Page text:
Many theories abound regarding why countless churches have painted red doors.  

One tradition claims that medieval churches throughout Europe would paint their doors red as a sign of sanctuary. The doors were a symbol of rescue and hospitality for all who sought refuge and safety.

Another symbolic explanation claims the color of the doors serves as a reminder of Israel’s deliverance from slavery. In Egypt, entries marked with lamb’s blood at the Passover ensured God’s salvation. This explanation foreshadows Jesus as the true lamb of God sacrificed for our sins. Thus, some claim the doors represent the sacrificial blood of Christ.

Others suggest the red color is indicative of the presence of the Holy Spirit. It marks the presence of Holy Ground; therefore, you are welcome to experience the warmth and love of God.

There has been a less theological description as to why some church doors are red. The selected color supposedly indicates that the church property’s mortgage has been satisfied.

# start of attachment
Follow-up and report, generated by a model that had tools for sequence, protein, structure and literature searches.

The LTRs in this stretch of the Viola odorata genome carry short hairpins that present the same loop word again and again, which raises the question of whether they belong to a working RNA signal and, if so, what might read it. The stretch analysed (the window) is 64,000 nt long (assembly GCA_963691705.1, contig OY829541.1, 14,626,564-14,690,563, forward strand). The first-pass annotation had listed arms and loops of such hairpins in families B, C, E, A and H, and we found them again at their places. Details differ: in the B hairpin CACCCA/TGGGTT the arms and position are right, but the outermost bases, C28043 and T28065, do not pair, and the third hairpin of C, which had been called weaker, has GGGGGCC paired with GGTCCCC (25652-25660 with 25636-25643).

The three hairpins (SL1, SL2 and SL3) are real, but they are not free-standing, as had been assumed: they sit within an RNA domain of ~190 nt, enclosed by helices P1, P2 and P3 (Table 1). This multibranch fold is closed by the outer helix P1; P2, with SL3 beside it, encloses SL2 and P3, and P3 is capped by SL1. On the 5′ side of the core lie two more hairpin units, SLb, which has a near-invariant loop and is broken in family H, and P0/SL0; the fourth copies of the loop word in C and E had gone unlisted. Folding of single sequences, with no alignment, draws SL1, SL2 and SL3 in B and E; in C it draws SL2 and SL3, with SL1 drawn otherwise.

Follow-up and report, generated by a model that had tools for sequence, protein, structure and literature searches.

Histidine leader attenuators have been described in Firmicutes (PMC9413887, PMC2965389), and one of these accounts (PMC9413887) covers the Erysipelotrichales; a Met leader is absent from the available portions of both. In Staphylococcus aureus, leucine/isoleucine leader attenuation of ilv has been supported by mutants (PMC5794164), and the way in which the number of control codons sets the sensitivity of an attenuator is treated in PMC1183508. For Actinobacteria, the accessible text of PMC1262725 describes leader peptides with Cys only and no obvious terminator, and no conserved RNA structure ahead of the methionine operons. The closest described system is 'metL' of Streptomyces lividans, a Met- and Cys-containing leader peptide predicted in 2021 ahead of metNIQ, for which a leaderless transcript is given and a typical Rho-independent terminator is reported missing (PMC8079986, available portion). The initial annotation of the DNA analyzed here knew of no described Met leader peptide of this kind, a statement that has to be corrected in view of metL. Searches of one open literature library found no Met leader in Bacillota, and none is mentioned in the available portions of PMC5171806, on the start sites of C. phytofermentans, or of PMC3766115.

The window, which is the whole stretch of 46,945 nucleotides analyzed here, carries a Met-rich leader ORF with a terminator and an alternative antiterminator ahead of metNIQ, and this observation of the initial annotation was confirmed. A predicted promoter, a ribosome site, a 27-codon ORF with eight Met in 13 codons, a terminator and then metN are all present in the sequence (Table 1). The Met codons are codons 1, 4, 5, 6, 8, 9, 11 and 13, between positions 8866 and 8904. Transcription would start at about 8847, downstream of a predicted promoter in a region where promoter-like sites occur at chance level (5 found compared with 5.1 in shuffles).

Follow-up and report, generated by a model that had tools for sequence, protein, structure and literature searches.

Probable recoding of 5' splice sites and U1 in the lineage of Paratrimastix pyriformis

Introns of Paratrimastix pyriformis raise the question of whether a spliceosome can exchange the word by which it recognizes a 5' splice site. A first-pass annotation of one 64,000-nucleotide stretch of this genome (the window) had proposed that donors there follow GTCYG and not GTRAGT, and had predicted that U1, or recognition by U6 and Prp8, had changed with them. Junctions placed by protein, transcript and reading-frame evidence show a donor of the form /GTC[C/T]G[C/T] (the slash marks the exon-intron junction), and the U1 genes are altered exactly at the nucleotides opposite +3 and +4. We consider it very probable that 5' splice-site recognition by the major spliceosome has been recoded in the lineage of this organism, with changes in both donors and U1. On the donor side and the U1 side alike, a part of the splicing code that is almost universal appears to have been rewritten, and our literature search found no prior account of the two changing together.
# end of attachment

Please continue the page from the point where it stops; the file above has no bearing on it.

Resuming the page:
Tradition says the front doors of the Wittenburg church where Martin Luther allegedly nailed his 95 Theses were red. After performing that act, which sparked the Reformation, the Roman Catholic Church leadership eventually compelled him to seek sanctuary. So, maybe it was appropriate for that door to be red.  

This Sunday, October 31, is Reformation Sunday. We commemorate what took place at the Wittenburg Church door on that day in 1517 and what ensued after that. The liturgical color of the day, you guessed it, is red.  We worship at 9:15 AM and 10:15 AM. So why not join us for this commemoration?  Please feel free to wear red!